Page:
Paris authorities placed huge boulders under a bridge where asylum-seekers set up a makeshift camp, local activists say, claiming some migrants who are waiting to be resettled have nowhere else to go and have not slept for days.
The makeshift migrant camp was reportedly set up in the Porte de la Chapelle area in the north of the French capital. The camp is in front of La Chapelle refugee center, which still is coping with the mass influx of refugees and apparently cannot admit everyone.
On Sunday, P’tit Dej’ à Flandre, an activist group which helps asylum-seekers, released pictures of the boulders under the bridge near Boulevard Ney where the migrants resided. Another activist group, Solidarité migrants Wilson, which provides food to migrants, said that these huge stones were placed on Friday evening.
“These big stones crush little hope that remains for those people who have already suffered so much… We want answers to these shocking methods,” the organization said.
The group said that the migrants were sleeping under the bridge and now they have nowhere to hide from the snow.
L’Express newspaper received a comment from the mayor’s office, which confirmed that it was its decision to place the stones “to avoid street camping.”
A volunteer from Solidarité migrants Wilson told the paper that she talked to migrants who lived under the bridge in La Chapelle.
“They are exhausted, they [are] cold, some have not slept since Friday, we are extremely indignant,” she said, adding that another makeshift center was set up in the area on Sunday. Others took refuge in the Porte de la Chapelle metro station, she added.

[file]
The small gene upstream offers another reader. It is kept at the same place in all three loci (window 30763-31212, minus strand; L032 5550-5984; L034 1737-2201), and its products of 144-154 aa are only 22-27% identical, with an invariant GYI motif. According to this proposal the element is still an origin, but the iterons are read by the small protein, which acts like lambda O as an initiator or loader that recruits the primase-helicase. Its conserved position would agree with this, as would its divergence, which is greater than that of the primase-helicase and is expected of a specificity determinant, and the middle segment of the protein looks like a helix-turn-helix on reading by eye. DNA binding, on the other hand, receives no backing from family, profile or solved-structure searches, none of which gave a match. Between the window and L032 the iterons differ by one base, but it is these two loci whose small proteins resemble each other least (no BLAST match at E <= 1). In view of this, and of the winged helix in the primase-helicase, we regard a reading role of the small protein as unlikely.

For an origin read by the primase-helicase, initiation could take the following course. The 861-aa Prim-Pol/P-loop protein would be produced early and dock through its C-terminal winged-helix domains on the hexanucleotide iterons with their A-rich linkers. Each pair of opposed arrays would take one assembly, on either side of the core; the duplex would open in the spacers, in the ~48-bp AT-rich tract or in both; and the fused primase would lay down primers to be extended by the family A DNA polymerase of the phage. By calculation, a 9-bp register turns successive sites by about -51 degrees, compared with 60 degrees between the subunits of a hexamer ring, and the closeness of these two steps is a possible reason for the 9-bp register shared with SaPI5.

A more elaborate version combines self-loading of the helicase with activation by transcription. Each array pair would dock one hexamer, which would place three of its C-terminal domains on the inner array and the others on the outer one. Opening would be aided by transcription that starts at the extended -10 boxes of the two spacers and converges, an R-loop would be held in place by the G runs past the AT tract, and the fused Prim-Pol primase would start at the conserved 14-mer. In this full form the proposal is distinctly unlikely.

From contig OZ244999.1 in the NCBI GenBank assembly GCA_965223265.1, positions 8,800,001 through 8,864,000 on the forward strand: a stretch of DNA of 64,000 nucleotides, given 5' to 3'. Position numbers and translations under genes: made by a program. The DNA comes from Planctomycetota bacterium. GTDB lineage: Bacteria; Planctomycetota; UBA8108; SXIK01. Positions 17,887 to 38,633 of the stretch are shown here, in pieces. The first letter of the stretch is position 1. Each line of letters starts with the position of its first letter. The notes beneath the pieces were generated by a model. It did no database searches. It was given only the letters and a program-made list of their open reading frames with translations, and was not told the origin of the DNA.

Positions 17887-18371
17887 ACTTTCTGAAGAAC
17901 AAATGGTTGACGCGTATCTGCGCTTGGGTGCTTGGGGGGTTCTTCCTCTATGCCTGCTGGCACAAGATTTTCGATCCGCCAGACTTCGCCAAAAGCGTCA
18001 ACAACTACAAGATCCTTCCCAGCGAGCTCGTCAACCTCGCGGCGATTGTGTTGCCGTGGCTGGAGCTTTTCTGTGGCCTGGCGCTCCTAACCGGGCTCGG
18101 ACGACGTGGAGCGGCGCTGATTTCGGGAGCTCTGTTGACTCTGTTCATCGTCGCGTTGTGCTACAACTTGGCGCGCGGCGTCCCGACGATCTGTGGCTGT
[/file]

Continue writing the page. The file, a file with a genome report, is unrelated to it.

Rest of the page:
Meanwhile, Mayor Anne Hidalgo praised La Chapelle refugee center in a tweet on Tuesday. According to France Bleu newspaper, the center, which opened three months ago, accommodates 5,000 migrants.
The number of refugees arriving in France, however, appears to be much more than the centers are able to host. According to Asylum Information Database, which collects data on the influx of migrants, over 85,000 people applied for asylum in France in 2016.
Many asylum-seekers from the Middle East, Africa, and Afghanistan travel to France in hopes of crossing the English Channel to the UK, often having had their applications rejected elsewhere, or in expectation of better prospects in Britain than in the rest of the EU.
Source: Word News